Their observations show that children, not adults, are key
to the evolution and development of language, the researchers reported in Friday's issue of the journal Science.

"It is the birth of a language," said Ann Senghas of
Columbia University's Barnard College, who led the study.

The living laboratory of up to 1000 children at a school
in Managua was made possible because of the neglect of deaf
people before the 1970s, a time of political and social turmoil
in Nicaragua. 

Deaf children were isolated and almost never learned formal
sign language, Senghas and her international team of
collaborators said.

"They didn't let them go out and socialise. You meet deaf
people who are 50 and they really can't communicate," she said.

New language

But in 1977, a school for special education opened in
Managua, followed four years later by a vocational school. For the first time, deaf children could meet and learn together,
and could stay together as they grew up.

No one was there to teach them formal sign language, so
they made up their own.

"We can really see how a new language emerges"

Psycholinguist Ann Senghas,
Columbia University

"The founding cohort of children started out with gesture,"
Senghas, a psycholinguist, said in a telephone interview.

Her team reports specifically on how the children described
motion - in one case, a ball rolling down a hill.

"They were doing rolling-down movement [with their hands],
but what happened was that children who were around in the
early '80s looked at that and took as input but produced
something very different," Senghas said.     

"They broke it down into these little elements like a roll
element and a down element and an up element."

In spoken languages these elements can be words, or smaller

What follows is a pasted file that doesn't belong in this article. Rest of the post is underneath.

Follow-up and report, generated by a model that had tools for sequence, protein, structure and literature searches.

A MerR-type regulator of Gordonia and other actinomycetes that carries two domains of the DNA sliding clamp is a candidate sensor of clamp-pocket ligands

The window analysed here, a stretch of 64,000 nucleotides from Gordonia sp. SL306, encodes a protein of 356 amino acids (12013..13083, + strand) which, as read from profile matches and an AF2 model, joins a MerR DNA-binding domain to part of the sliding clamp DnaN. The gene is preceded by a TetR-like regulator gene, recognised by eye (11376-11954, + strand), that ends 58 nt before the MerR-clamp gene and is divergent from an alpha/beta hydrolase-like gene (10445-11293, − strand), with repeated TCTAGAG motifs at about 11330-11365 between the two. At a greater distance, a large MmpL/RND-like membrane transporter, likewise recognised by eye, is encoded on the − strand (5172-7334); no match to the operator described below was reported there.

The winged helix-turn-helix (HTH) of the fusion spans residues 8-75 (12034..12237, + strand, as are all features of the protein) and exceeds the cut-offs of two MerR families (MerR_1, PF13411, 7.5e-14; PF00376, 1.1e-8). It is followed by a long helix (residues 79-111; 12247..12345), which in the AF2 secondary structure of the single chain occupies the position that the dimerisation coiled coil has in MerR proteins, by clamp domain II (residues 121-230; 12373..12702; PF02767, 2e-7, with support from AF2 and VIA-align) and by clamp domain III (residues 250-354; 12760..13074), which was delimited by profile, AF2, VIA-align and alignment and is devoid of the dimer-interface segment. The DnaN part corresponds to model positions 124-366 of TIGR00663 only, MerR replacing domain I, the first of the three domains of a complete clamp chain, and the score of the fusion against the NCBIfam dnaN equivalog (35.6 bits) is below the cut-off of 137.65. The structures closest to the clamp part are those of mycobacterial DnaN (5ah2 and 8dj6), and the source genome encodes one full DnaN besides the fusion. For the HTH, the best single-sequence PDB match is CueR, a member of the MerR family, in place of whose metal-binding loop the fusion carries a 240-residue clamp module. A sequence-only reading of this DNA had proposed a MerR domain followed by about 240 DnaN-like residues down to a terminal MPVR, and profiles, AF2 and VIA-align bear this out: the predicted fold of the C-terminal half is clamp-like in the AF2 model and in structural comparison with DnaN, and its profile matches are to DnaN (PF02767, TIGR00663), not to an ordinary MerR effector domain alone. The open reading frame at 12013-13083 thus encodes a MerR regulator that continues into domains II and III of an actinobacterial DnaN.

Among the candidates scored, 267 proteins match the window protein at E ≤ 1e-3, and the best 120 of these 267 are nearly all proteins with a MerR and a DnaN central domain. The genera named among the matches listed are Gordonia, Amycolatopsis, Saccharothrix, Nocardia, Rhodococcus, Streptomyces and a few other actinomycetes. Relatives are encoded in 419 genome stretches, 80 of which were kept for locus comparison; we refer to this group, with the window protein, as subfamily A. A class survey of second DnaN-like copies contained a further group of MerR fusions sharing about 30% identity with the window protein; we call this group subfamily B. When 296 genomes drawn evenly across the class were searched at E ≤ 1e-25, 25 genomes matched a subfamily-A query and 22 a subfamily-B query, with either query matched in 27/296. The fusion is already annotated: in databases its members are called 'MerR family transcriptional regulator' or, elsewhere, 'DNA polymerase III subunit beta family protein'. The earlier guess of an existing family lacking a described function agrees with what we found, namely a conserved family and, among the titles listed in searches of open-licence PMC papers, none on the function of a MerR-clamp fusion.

modifiers of words, tones or even word order. They are the
building blocks of language.

More than gestures

In the sign language, they were hand motions, but far
different from mere gestures.

"They broke it down into bricks and they ended up with
elements that you never see alone with gesture. They could
assemble these into an infinite number of elements. They had a language," Senghas said.

The founding children, now adults in their 30s, have a
different version of the sign language than the younger members of the community.

"They are a living record of the earlier stages of the
language," she said.

"It is the first time anyone has been able to study a
language this early. We can really see how a new language
emerges."

Own rules

And, it seems, it is children who drive the evolution of
language. "It is the child learners who are injecting the
learning, the structure into the language," Senghas said.

This process can be seen to a degree when a small child
learns to talk and "breaks" the rules of grammar.

"She'll start out trying to make her own rules and as she
ages she'll become more like people in her environment,"
Senghas said.

"By the time she is an adult, she'll talk a lot like you.
But not exactly like you."